There seems to be a special public delight when religious types get caught with their pants down. Whether it's that sexual hypocrisy is especially malodorous or that others' overt religiosity amplifies someone else's schaudenfreude is tough to say.
But it turns out that if you actually get up and go to church (or synagogue or mosque), the odds are you’re less likely to cheat on your spouse. At least that’s the finding in new research in the Journal of Marriage and Family from two psychologists at California’s Fuller Theological Seminary.
David C. Atkins and Deborah E. Kessel noted that while the big three Abrahamic traditions specifically prohibit infidelity, the only blue-chip predictor among the religious of observing that rule was going to services for real, and not, as my high school teacher Brother Michael used to say, “just when you’re hatched, matched and dispatched.”
Using data from the National Opinion Research Center’s 1998 General Social Survey, which is a battery of face-to-face interviews, the pair found that other markers of religiousness, such as self-reported faith, “nearness to God,” prayer and forgiveness, could be connected to fidelity — with one glaring exception: “Endorsing religion as being very important without the behavioral component of attending services was positively associated with infidelity.”
In other words, if you talk the talk without walking the walk, you probably don’t walk the walk elsewhere, either.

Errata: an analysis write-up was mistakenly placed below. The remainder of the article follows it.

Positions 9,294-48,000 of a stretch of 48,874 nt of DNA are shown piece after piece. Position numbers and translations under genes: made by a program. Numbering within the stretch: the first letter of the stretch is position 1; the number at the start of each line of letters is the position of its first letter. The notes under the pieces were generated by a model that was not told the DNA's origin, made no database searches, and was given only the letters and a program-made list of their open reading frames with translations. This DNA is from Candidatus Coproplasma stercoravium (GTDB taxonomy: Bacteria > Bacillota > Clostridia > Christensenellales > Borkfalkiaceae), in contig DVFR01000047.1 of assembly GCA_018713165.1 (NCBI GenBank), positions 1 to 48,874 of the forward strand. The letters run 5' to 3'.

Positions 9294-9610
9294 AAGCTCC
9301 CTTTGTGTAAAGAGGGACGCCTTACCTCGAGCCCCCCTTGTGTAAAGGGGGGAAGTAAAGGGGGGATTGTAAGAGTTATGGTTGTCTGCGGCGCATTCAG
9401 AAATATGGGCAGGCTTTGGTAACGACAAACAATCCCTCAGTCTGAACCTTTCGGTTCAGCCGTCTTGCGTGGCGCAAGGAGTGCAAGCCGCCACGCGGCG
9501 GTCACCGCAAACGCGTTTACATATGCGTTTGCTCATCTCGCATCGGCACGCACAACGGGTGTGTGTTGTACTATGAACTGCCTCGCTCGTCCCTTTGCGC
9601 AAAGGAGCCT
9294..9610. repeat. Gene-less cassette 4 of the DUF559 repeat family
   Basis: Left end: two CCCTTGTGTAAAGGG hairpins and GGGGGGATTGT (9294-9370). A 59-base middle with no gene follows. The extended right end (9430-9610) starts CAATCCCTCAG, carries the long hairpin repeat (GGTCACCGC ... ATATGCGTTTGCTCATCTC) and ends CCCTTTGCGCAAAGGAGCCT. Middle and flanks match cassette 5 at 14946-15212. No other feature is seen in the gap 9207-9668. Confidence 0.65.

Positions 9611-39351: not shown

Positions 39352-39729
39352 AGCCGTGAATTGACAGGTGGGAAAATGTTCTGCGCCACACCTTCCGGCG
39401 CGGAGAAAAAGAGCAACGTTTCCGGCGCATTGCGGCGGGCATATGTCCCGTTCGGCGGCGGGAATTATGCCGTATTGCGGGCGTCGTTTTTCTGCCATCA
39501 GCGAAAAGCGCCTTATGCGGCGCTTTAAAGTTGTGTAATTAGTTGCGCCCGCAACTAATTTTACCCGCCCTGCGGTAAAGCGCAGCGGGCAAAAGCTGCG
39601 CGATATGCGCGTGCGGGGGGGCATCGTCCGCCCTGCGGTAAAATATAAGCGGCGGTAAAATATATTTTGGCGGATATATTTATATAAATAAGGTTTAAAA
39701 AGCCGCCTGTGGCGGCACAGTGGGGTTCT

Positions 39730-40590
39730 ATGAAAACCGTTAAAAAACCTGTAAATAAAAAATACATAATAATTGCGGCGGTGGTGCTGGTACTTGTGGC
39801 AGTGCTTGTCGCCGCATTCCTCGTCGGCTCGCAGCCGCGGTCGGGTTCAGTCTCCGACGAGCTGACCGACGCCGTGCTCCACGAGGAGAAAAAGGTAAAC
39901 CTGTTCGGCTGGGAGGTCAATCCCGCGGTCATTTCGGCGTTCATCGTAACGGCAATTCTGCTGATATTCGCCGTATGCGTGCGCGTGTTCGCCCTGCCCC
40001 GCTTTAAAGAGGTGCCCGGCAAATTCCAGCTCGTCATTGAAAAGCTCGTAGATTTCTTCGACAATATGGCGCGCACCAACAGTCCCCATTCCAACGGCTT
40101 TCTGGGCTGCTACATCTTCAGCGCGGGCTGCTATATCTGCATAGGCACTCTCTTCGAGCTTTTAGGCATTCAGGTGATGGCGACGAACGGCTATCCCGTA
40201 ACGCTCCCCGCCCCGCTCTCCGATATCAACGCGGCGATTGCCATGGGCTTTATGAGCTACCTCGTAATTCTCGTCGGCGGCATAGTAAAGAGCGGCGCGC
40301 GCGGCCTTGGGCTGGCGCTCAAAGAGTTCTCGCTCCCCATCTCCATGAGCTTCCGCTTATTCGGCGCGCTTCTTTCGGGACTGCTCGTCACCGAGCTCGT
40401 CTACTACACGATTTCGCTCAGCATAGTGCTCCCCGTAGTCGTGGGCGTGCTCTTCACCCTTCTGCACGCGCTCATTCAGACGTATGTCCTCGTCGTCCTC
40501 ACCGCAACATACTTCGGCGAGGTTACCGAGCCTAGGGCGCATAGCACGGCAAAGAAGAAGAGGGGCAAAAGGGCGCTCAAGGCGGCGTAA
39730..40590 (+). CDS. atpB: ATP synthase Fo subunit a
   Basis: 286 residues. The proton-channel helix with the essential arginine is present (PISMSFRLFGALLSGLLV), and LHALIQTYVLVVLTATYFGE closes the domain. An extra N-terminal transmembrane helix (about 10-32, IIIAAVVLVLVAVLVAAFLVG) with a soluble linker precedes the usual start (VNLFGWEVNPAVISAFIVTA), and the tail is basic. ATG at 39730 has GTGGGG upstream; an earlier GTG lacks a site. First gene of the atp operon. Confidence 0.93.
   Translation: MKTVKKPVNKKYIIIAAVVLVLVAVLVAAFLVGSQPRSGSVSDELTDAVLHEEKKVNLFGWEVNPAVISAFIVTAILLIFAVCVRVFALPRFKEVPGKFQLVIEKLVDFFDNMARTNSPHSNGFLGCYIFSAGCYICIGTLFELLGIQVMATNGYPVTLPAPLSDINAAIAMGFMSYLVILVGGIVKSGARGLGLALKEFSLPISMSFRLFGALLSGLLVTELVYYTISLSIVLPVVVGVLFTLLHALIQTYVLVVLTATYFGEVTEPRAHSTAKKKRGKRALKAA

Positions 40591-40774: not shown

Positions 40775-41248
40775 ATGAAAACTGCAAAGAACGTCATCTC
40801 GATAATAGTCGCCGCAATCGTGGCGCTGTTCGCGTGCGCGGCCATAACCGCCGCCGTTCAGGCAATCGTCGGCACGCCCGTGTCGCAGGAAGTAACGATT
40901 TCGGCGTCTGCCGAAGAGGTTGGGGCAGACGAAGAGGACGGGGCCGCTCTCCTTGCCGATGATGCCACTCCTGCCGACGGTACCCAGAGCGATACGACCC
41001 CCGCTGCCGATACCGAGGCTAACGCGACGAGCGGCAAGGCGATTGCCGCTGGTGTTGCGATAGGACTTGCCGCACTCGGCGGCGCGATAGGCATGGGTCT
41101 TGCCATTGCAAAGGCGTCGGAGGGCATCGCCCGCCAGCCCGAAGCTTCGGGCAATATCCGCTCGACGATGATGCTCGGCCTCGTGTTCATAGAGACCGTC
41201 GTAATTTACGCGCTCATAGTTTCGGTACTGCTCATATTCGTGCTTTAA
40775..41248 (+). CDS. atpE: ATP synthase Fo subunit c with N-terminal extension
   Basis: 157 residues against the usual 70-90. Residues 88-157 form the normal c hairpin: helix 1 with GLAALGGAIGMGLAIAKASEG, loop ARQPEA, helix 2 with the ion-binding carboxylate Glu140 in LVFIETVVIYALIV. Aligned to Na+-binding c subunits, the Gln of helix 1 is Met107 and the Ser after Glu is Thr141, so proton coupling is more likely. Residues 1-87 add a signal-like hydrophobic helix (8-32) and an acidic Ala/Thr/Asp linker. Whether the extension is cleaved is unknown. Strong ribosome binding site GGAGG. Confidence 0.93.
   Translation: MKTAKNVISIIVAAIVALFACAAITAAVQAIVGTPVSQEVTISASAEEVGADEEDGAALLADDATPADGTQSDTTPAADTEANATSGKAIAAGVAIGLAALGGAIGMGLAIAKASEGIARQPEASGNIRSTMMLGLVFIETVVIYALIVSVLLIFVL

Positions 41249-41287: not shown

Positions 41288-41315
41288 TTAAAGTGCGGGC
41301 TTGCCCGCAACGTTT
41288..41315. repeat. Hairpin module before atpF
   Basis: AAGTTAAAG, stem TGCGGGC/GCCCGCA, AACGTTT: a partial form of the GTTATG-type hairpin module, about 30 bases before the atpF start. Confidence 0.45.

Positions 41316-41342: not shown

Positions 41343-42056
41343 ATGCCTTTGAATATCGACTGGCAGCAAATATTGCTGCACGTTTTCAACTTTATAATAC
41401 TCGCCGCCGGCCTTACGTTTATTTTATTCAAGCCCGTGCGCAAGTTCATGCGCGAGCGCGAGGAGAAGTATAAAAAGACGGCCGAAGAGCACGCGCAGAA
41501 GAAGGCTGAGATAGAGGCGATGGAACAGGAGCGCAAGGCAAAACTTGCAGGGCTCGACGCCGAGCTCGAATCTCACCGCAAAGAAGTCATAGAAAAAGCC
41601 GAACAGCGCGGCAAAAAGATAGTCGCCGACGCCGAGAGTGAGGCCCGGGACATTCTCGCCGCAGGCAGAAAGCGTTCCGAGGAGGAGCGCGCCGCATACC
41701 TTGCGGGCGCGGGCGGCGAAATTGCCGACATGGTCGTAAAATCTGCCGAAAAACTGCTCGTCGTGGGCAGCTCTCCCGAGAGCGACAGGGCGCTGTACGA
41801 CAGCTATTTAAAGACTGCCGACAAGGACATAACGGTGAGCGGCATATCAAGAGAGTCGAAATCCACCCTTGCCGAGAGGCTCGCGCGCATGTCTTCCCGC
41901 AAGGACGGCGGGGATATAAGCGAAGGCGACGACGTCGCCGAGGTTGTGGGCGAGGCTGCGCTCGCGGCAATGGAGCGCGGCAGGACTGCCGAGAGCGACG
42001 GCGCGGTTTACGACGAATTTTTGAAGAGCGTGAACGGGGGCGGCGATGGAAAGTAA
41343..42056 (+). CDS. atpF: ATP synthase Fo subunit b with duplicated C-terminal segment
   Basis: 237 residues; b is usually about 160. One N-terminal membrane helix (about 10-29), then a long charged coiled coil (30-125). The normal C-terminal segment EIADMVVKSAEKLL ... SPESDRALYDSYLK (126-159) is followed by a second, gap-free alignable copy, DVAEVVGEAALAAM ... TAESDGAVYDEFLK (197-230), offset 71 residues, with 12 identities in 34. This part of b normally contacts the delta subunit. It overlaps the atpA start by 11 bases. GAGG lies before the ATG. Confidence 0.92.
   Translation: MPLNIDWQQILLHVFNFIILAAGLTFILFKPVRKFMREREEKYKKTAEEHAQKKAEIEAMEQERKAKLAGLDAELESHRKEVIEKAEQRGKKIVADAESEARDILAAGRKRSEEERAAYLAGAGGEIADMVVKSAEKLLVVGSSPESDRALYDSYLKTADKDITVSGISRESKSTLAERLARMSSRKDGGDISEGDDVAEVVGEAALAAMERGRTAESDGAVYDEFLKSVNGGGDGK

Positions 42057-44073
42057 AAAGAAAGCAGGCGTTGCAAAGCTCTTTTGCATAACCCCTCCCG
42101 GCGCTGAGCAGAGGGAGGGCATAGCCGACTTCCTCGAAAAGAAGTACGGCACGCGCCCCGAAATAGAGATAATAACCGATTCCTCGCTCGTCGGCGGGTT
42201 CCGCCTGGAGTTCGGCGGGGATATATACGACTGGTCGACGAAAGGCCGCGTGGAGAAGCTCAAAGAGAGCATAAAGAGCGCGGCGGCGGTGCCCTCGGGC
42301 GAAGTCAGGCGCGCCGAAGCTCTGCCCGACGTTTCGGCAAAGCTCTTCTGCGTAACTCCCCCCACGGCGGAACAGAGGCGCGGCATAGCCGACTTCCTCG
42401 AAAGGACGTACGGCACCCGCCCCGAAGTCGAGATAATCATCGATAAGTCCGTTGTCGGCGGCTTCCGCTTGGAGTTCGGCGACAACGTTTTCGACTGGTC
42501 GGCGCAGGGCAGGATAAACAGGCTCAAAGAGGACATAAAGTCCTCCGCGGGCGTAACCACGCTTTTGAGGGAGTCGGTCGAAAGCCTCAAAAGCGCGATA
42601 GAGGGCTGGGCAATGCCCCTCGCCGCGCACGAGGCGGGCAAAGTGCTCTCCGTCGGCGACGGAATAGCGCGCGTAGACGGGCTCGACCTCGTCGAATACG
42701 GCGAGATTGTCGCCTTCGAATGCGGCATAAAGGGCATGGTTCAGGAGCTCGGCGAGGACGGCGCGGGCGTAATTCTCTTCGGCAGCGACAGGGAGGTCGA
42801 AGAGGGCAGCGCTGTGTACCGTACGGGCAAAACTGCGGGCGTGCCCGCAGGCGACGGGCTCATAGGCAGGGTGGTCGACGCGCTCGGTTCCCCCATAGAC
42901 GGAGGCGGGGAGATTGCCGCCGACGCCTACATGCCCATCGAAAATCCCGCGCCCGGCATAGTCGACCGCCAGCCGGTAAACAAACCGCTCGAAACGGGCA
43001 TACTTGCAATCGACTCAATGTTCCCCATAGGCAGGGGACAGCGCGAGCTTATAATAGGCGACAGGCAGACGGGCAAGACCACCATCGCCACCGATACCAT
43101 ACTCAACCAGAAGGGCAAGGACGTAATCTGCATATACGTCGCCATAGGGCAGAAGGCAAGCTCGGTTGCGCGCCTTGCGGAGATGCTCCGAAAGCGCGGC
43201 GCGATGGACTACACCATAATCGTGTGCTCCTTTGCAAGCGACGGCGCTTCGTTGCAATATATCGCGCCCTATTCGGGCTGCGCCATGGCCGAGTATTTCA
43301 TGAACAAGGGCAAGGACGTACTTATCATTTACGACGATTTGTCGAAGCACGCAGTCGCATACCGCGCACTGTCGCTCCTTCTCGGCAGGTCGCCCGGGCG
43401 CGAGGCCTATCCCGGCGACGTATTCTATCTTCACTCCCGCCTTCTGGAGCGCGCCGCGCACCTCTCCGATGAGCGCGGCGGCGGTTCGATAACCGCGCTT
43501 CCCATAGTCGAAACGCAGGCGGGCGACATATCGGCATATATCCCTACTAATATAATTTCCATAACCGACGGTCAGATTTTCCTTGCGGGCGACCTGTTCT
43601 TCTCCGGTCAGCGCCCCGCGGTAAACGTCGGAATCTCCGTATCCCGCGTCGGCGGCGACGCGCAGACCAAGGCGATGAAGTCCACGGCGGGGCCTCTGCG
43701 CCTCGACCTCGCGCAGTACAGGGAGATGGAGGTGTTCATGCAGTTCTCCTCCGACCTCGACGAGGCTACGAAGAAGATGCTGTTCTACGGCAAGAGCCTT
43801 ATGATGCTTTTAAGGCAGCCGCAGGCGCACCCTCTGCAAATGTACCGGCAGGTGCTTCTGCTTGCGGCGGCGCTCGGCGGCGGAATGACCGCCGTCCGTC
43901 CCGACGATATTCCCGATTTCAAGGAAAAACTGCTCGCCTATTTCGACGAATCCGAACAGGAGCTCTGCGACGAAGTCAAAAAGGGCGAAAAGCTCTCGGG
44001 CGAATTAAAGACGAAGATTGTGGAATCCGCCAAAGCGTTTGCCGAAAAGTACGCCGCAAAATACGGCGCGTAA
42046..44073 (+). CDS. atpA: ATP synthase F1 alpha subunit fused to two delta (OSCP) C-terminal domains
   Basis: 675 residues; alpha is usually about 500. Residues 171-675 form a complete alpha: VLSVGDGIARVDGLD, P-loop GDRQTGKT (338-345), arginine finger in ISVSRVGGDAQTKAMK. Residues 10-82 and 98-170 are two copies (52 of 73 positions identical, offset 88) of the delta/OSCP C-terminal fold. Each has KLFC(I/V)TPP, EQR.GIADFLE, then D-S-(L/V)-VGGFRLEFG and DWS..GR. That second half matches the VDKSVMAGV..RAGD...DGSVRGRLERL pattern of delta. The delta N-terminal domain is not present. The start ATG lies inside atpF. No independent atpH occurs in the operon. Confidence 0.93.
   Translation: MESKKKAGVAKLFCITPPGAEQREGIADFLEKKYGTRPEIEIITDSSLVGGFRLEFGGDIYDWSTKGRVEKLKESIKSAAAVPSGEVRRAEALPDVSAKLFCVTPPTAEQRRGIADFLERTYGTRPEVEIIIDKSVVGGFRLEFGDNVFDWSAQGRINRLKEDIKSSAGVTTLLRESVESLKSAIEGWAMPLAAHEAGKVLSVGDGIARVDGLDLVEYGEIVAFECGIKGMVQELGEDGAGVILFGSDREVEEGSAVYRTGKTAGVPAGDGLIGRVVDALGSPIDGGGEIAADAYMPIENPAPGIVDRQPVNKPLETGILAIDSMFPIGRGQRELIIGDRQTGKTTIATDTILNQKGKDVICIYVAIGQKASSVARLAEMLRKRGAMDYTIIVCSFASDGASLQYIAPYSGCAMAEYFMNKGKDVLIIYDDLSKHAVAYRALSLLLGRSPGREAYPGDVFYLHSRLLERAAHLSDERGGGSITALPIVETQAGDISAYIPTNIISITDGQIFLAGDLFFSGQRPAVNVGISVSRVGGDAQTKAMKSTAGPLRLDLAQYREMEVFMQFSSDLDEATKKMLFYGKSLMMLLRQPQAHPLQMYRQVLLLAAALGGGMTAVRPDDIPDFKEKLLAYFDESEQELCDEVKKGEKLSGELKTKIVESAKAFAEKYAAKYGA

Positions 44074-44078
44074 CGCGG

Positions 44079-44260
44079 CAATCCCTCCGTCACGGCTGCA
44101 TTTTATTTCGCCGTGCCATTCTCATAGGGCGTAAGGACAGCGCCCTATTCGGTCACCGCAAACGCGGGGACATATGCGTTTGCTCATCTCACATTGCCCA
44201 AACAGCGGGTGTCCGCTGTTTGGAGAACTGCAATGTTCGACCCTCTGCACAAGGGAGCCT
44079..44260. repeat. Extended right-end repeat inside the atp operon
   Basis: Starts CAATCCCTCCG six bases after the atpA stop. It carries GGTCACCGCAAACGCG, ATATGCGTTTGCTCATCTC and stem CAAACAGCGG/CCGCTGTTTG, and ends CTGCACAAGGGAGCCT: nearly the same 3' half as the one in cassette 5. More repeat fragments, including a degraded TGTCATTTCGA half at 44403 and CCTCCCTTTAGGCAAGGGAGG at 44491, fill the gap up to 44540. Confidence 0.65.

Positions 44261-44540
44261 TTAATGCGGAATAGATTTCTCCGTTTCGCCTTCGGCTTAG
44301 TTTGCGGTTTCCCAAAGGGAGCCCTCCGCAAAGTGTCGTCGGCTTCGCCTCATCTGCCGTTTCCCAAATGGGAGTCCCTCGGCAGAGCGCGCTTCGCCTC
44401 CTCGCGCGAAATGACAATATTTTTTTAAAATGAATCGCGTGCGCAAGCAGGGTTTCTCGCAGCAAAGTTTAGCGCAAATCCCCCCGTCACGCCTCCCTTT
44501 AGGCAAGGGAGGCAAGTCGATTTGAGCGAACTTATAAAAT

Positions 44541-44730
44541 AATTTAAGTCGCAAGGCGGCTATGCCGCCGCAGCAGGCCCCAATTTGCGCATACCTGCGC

Atkins and Kessel suggest that attending services is a shared, social interaction between spouses, which strengthens their bond. Plus, if you’re actually in a pew or on the carpet, religious teachings are
reinforced through preaching.
And for the heathens out there who might be inclined to cast stones at the religious, the survey also looked at those who had a poor view of religion, although, to be fair, most of the questioning seemed to favor having faith rather than rejecting it. The survey also looked at white and black respondents and members of all faiths, although it skewed toward Christianity (82 percent self-identified as such).
Although this wasn’t a paper about affairs, per se, trolling it finds some tidbits apparently in line with other studies. For example, cheating happens most likely in the late 40s or early 50s; the more educated
a man is, the greater his likelihood of straying, while women are pretty consistent until reaching grad school, when they cheat more than men; and poor people and rich people are more likely to cheat than those in the middle.